Recovery depends on many factors and the type of distal radius fracture and wrist fracture treatment options available. Ask your doctor for precise details regarding your rehab program and risk factors before returning to everyday activities. Most distal radius fractures heal in 3 months or less before you can resume all activities, and complete healing from these injuries can take up to a year.
Pain Management After Surgery
Most fractures pain significantly for a few days to a few weeks. Many people find that employing ice, elevation (raising their arm over their heart), and non-prescription pain relievers efficiently relieve their discomfort.
Your doctor may advise you to take ibuprofen and acetaminophen together to alleviate pain and inflammation. Both medications act significantly better together than each one alone. If your pain is severe, your doctor may advise you to take a prescription-strength pain reliever, such as an opioid, for a few weeks.
How To Care For Cast & Wound?
In rare circumstances, original casts will be changed because inflammation has decreased to the point where the cast has become loose. The last cast is generally removed after around six weeks for non-operative fractures.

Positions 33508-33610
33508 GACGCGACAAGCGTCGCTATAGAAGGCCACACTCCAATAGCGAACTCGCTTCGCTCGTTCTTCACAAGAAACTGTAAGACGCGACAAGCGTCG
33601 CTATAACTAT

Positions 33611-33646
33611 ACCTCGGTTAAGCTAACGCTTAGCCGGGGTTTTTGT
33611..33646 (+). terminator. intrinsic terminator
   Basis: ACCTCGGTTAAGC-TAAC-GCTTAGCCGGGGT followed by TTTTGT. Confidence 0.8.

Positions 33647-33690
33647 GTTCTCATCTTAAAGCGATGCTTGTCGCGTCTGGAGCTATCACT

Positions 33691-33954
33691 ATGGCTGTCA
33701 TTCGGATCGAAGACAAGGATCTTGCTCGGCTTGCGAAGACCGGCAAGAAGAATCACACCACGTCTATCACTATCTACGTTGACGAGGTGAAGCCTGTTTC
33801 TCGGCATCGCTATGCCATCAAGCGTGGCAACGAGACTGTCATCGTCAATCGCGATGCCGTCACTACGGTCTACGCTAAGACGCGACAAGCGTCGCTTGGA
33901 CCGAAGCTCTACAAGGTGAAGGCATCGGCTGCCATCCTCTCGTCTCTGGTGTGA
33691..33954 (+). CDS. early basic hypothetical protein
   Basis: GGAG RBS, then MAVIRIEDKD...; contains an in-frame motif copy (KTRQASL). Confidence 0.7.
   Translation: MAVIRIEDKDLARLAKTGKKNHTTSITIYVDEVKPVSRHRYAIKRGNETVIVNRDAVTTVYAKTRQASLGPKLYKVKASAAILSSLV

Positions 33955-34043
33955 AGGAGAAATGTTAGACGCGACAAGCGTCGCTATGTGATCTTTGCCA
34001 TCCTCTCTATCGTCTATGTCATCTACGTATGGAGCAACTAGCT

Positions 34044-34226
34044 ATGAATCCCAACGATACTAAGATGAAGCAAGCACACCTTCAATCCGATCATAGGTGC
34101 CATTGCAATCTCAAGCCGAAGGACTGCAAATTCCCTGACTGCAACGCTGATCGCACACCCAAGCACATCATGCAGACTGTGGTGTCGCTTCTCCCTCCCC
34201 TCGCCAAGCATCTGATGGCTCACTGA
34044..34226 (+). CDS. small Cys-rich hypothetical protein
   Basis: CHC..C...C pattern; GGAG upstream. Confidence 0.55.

Casts and splints must be kept dry during recovery. While showering, place a plastic bag over your arm. If the cast becomes wet, it will not dry quickly. A cool-setting hair dryer may be helpful. If the cast becomes moist, it must frequently be replaced. Most surgical wounds must be kept clean and dry for at least five days. After your operation, your doctor will advise you when it is safe to remove the bandages.
When Would I Return To Normal Activities?
After a wrist fracture, most patients resume all of their previous activities. The type of damage, therapy administered, and the body’s reaction to the treatment all influence. In some instances, such injuries might result in lasting functioning limitations.